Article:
Bitcoin

Abu Dhabi Releases Official Guidelines For Initial Coin Offering

In most parts of the world, both Bitcoin and Initial Coin Offering are going through a difficult time. Some have banned the trading of digital currencies in their country while few have not legalized it. Amidst all that, the Government of Abu Dhabi has gone one step ahead as they have released a set of guidelines for those who are willing to take part or begin token sales through Initial Coin Offerings (ICOs).

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According to the Abu Dhabi Global Market’s Financial Services Regulatory Authority (FSRA), anti-money laundering and know-your-customer (KYC) rules will be imposed on the token sales. It is pertinent to mention that the token sales will be classified on a case-per-case basis as either of the following:

  • Commodity
  • Security

The document which the Government of Abu Dhabi released read:

“Virtual currencies, unlike fiat currencies, are not legal tender. However, virtual currencies have “value” in that they can be exchanged for other things of value, with that value being dependent on considerations of supply and demand. In this respect, virtual currencies have much in common with physical commodities; such as precious metals, fuels and agricultural produce. Therefore from a regulatory perspective, virtual currencies are treated as commodities, which are not Specified Investments as defined under the FSMR. This means that a “mining” or spot transaction in virtual currencies will not constitute a Regulated Activity in itself”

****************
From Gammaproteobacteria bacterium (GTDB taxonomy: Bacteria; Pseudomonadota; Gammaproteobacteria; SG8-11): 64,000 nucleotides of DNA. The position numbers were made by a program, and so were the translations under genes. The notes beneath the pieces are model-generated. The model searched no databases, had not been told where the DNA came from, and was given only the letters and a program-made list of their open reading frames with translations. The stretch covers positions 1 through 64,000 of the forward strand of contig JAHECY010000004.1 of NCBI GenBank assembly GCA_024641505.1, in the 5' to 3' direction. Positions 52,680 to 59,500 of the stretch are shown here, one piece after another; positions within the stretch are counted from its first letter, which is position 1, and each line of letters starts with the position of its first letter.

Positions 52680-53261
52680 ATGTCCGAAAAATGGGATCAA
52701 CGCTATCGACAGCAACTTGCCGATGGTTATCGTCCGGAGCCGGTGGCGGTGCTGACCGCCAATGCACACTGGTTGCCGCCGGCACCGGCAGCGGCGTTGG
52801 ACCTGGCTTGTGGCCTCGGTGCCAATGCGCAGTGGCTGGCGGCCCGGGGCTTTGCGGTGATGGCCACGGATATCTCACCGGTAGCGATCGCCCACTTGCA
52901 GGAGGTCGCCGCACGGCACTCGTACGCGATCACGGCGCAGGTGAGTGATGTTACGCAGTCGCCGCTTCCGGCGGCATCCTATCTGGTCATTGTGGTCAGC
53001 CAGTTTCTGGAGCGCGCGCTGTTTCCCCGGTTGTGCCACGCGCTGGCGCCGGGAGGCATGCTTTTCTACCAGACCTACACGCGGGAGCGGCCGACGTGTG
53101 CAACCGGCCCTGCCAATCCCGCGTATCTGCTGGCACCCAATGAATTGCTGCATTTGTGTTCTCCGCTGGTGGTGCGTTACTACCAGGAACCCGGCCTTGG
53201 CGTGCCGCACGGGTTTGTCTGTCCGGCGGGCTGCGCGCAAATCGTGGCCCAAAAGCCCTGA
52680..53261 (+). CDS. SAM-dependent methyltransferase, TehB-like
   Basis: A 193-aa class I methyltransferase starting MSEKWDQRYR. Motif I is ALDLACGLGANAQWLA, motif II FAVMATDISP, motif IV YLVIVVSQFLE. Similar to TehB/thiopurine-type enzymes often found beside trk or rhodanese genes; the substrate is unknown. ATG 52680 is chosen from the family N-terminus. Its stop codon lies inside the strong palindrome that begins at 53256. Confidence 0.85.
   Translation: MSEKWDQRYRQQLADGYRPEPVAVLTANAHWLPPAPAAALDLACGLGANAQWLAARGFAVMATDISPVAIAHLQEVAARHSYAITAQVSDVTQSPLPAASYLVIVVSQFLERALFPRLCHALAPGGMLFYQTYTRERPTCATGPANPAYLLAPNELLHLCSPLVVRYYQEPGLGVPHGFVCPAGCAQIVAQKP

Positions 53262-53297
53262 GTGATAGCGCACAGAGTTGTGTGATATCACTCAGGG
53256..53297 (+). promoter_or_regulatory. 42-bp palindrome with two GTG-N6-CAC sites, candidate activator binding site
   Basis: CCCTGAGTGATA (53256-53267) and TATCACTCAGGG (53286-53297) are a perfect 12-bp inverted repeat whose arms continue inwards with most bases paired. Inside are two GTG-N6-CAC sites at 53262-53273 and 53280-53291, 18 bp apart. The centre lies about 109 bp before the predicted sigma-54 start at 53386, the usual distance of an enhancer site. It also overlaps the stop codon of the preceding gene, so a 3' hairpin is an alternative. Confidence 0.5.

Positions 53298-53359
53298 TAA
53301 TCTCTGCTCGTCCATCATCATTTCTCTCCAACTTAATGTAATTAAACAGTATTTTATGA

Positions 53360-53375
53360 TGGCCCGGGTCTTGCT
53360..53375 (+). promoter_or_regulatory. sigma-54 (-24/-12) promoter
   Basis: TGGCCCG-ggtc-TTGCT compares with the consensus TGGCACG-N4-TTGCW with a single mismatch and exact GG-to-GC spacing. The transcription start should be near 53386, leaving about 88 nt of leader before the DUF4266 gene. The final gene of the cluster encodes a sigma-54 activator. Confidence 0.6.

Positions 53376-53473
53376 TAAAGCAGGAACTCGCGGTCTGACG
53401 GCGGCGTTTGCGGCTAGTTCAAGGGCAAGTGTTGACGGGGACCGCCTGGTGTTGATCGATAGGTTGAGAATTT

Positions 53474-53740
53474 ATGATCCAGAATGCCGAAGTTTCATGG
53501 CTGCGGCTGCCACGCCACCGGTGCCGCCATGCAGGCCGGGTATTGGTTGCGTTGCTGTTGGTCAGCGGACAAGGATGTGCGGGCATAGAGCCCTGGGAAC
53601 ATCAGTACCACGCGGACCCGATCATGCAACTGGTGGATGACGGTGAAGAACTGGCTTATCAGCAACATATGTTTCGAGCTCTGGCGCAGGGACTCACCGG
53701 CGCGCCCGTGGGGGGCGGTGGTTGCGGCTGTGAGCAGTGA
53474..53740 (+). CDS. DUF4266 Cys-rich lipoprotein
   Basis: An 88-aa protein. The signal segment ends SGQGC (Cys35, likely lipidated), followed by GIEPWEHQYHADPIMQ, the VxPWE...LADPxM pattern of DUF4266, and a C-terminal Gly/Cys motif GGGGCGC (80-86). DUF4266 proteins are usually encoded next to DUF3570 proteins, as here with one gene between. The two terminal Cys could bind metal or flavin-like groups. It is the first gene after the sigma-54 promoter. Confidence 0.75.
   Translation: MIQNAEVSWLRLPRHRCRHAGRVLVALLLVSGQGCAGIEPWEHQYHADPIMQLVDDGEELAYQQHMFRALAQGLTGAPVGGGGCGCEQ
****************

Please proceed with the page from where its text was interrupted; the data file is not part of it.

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Under the law of Abu Dhabi, the guiding document which was released states that a specific token sale may come outside or under the definition of a security. However, the token sale will primarily vary from case to case. Those tokens which won’t be treated as securities will automatically be considered as commodities.

About Initial Coin Offering

Initial Coin Offering is fundamentally used by startups to bypass the rigorous and regulated capital-raising process required by venture capitalists or banks. It essentially offers an unregulated means by which funds are raised for a new cryptocurrency venture.

When a cryptocurrency startup firm wants to raise money through an ICO, it usually creates a plan which states:

  • What the project is about
  • What need(s) the project will fulfill upon completion
  • How much money is needed to undertake the venture
  • How much of the virtual tokens the pioneers of the project will keep for themselves
  • What type of money is accepted, and how long the ICO campaign will run for.
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